A disappointed ceding carrier is seeking reconsideration of a recent Third Circuit Court of Appeals case in which the court applied New York law to deny reinsurance coverage because of late notice. Pacific Employers Insurance Company v. Global Reinsurance Corporation of America, 2012 U.S. App. LEXIS 18835. The case construes a frequently-used notice provision in reinsurance contracts under New York law to permit coverage denial for late notice even if there is no prejudice to the reinsurer. The decision also predicts in dictum that Pennsylvania law would rule the other way.

The underlying insured, Buffalo Forge, purchased a primary policy from an unrelated insurer and an excess policy from a predecessor to Pacific Employers. Pacific Employers purchased facultative reinsurance on the excess policy from a predecessor to Global. The reinsurance certificate provided that “[A]s a condition precedent, the Company shall promptly provide the Reinsurer with a definitive statement of loss on any claim or occurrence reported to the Company and brought under this Certificate which involves a death, serious injury or lawsuit.”

Ten years after Buffalo Forge purchased the excess policy, in the early 1990’s, claimants across the country began inundating it with asbestos related lawsuits. Buffalo Forge first notified the excess carrier of these claims in 2001. Beginning in 2005, and continuing for the next three years, the excess carrier instructed its broker to advise the reinsurers. For reasons not explained, the broker failed to do so. Notice was first given to the reinsurer in 2008 when the excess carrier demanded payment of $560,000. The reinsurer denied coverage based on late notice.

The Third Circuit held that the notice of loss provision unambiguously required notice to the reinsurer of the claims in question and that under New York and Pennsylvania law the notice provision is a condition precedent to reinsurance coverage. Under New York law, the condition precedent denies coverage regardless of prejudice to the reinsurer. Predicting Pennsylvania law, the Third Circuit concluded in dicta that a reinsurer must show prejudice from late notice even when prompt notice is an express condition precedent to coverage. Based upon the numerous factual contacts with New York and its interest in enforcing express notice provisions, and the lack of any material contacts with Pennsylvania, the Third Circuit applied New York law and denied coverage to the ceding carrier.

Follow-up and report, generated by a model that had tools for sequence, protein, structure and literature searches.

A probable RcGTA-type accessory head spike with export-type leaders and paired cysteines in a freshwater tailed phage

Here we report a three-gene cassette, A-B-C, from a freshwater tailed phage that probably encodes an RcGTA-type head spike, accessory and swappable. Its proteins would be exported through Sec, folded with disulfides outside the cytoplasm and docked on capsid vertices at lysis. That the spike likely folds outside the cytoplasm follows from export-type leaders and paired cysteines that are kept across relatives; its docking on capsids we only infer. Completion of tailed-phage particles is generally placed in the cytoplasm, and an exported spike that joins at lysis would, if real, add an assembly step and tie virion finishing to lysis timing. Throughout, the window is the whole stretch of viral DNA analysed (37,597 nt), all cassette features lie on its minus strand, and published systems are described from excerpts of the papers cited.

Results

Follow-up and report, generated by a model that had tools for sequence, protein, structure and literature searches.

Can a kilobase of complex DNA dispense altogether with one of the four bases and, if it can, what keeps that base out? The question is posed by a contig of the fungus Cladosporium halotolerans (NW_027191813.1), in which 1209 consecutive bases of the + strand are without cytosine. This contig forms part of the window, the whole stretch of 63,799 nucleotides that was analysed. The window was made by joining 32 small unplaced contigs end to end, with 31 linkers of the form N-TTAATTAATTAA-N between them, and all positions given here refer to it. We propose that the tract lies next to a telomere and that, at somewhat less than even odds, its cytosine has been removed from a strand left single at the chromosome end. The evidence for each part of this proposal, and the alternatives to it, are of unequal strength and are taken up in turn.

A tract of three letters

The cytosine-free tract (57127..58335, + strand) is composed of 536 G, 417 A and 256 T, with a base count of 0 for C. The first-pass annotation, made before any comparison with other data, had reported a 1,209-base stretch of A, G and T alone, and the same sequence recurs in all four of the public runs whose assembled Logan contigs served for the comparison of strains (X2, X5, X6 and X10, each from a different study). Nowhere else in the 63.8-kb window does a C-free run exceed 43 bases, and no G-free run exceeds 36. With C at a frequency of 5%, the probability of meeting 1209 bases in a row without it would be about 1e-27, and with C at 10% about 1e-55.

This federal appellate decision is not binding on Pennsylvania state courts, and the Pennsylvania Supreme Court normally exercises its independent judgment on unsettled questions of substantive law. The Third Circuit prediction that Pennsylvania would apply a prejudice standard in the reinsurance context and in the face of a condition precedent requiring notice is dictum and far from certain in any event. The Third Circuit relied on the 1977 decision in Brakeman v. Potomac Insurance Company, 371 A.2d 193 (Pa. 1977) that is easily distinguishable as a case involving primary insurance and not involving an express condition precedent similar to the Global reinsurance contract. The current Supreme Court of Pennsylvania has also indicated in more recent cases its reluctance to undo clear contractual provisions unless they clearly are contrary to public policy. Reinsurance contracts are not contracts of adhesion-- ceding companies and their brokers have choices and can negotiate terms and conditions unlike many primary insureds.

From a practical perspective, the age old lesson is clear. Prompt reporting of claims as required by insurance or reinsurance contracts can avoid a mountain of troubles. And, when dealing through a reinsurance broker, ceding companies should not assume, but verify, that the broker gives prompt notice to the reinsurer.